Tony Parisi swapped his goalie skates for soccer cleats after ending a professional hockey career and joining the Pittsburgh Steelers as an equipment manager in 1965.
But Acton shoes weren’t just any shoes. Made in Canada, they had a reputation for making players competing on Astroturf safer in inclement weather, and that’s exactly what the Steelers encountered on Jan. 12, 1975, when they faced the Minnesota Vikings in the Super Bowl IX at Tulane Stadium in New Orleans. The high of the game hovered around 4°C and the playing surface was still slippery from the rain the previous night.
Exactly the kind of condition the shoes were made in. Luckily for the Steelers, Parisi had ordered a pair for each player and brought them from Pittsburgh along with the team’s kit.
“We had all the players changed after the game started. Only (Terry) Bradshaw and Franco (Harris) wore them at the start of the game,” recalled Parisi, a Niagara Falls native, on the eve of his induction into the Pro Football Hall of Fame.
“They were Acton shoes. I would like to have a pair.
But the 89-year-old got something better than boots from Pittsburgh’s 16-6 victory that day at New Orleans. It was the first of four Super Bowl rings he would collect during his 33-year career as the Steelers’ kit manager.
“I have rings. I have four won championship rings,” he laughed when asked what he cherishes most about his job in the National Football League.
Parisi, who still lives in the Pittsburgh suburb he and his wife Joan bought in 1968, said working for the Rooney family never felt like work.
“They were great people to work for. They never bothered you,” he said. “There was not a day that I didn’t want to go to work.”
Parisi also made lifelong friendships in the Steel City.
“Franco calls here from time to time. Jack Lambert, a few others,” Joan Parisi said. “They’re from the ‘old school,’ as I call it, the 70s.”
His greatest memory in his more than three decades with the Steelers was going to the Super Bowl for the first time after the team went 25-60-5 combined in its first seven seasons. with the team. He recalled that Pittsburgh’s fortunes began to improve after hiring Chuck Noll as head coach in 1969 and drafting No. 1 Bradshaw from Louisiana State University the following year.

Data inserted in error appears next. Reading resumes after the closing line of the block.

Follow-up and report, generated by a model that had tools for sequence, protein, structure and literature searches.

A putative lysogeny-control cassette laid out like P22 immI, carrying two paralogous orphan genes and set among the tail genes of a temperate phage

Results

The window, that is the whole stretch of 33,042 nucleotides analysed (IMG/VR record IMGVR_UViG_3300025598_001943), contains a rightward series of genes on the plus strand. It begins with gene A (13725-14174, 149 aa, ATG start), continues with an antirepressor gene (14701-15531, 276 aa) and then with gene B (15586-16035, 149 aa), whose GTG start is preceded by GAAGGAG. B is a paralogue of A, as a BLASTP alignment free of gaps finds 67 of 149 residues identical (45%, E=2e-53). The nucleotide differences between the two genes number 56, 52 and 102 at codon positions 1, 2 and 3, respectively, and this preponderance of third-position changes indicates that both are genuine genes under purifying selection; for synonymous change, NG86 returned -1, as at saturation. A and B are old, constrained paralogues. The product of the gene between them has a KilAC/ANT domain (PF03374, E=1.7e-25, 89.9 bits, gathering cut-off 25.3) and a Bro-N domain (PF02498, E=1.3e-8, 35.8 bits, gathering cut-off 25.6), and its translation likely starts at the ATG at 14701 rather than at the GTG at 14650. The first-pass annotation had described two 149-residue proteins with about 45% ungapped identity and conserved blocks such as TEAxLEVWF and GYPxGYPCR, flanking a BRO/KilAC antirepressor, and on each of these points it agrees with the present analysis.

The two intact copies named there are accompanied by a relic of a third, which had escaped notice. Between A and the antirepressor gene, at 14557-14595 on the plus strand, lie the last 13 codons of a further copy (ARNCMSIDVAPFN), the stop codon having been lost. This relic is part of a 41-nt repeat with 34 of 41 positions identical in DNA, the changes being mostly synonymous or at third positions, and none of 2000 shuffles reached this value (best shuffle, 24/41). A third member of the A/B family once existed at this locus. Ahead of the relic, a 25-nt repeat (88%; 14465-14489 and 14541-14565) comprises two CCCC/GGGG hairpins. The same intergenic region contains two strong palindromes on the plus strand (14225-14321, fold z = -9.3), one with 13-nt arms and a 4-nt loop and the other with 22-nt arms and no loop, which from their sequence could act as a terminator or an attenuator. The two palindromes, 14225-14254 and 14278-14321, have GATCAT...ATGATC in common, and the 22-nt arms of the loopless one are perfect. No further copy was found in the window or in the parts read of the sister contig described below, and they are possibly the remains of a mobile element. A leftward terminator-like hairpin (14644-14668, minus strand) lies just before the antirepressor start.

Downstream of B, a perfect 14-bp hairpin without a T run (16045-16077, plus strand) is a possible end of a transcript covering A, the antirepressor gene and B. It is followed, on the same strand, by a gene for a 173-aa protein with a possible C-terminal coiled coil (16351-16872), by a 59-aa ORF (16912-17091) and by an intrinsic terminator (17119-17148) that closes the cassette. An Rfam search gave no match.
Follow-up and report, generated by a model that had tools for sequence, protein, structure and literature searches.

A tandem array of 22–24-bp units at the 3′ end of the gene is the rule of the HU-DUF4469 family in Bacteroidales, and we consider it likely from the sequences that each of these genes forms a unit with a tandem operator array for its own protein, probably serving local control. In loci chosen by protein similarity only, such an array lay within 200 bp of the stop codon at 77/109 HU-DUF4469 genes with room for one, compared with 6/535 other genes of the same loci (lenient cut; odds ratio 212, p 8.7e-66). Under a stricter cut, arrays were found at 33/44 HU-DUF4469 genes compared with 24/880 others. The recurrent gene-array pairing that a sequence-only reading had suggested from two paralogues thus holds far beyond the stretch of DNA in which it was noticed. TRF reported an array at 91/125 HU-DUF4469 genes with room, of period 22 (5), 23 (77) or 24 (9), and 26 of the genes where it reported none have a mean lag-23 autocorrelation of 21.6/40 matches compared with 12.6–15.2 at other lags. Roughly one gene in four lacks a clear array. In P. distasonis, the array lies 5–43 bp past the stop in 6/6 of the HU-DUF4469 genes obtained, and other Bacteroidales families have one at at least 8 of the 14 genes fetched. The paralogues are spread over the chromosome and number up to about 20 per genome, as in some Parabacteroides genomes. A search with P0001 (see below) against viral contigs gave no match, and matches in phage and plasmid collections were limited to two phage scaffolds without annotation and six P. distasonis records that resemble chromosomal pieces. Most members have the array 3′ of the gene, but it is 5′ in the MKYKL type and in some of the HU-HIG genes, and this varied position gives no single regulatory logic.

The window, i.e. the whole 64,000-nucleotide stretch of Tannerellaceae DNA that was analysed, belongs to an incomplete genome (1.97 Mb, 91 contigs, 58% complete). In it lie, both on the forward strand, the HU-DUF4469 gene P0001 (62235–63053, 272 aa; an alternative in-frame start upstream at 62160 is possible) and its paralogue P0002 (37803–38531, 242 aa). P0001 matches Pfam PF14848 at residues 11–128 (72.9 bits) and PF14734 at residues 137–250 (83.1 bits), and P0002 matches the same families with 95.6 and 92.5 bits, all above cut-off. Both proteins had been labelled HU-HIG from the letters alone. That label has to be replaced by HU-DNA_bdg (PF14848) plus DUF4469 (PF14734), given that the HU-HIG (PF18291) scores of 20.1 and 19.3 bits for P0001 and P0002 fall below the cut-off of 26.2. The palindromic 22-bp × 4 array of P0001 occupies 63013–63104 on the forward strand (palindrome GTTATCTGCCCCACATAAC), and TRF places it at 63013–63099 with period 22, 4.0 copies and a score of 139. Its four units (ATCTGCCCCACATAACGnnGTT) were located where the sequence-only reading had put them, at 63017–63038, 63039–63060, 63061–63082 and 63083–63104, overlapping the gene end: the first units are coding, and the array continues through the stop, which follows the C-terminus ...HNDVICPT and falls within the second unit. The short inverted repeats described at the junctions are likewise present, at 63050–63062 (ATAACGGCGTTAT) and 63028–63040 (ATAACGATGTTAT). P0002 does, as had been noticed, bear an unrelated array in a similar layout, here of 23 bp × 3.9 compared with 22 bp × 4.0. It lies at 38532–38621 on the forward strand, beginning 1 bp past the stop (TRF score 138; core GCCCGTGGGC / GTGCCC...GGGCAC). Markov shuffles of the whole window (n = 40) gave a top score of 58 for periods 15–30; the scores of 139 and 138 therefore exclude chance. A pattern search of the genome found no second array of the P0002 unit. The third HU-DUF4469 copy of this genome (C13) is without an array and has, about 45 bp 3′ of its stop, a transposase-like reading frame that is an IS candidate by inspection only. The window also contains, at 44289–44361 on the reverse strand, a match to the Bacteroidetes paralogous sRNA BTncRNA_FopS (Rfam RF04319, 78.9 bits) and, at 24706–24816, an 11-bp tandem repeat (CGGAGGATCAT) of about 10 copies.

“It was well after Terry Bradshaw arrived. We started winning.
Joan Parisi recalls the day her husband, a former equipment manager for the Pittsburgh Hornets of the American Hockey League, switched to football for a living. It was in 1965 that their first daughter, Paula, was born.
“He walked into the hospital room and said, ‘I just got a job with the Steelers,'” she recalled.
After the 1964–65 hockey season ended, the Hornets had no scheduled practice hours, so they did not need an equipment manager.
“He worked elsewhere. He had several different jobs at that time. Then he returned to hockey, during training camp.
During Parisi’s first two years with the Steelers, he would be out in the offseason. It became a full-time job afterwards.
“It got to a point where they worked all year and you were there.”
Joan Parisi does not know if her husband has ever had to sew uniforms.
“He would cultivate it,” she said. “I know my mother did some sewing for him. Different things he designed that would help the team.
These “different things” included making uniforms so they fit tighter and using two-way tape under the shoulder pad flaps, also in hopes of ensuring a tighter fit.
“We thought players from other teams couldn’t pull them that way,” he said.
Parisi made custom shoes for halfback Rocky Bleier, whose right foot was damaged by a grenade blast while serving with the US Army in Vietnam.
“I put an extra cleat on the toe of his shoes so he could have a better grip.”
The hardest part of being in charge of equipment was making sure everything was top notch for the players after being “ripped and kicked” the week before.
“We had to continue and prepare the team to play.”
After all his years with the team, the Niagara Falls Sports Wall of Fame inductee, Class of 2006, does he have a favorite Steeler?
“No, they were all good guys.”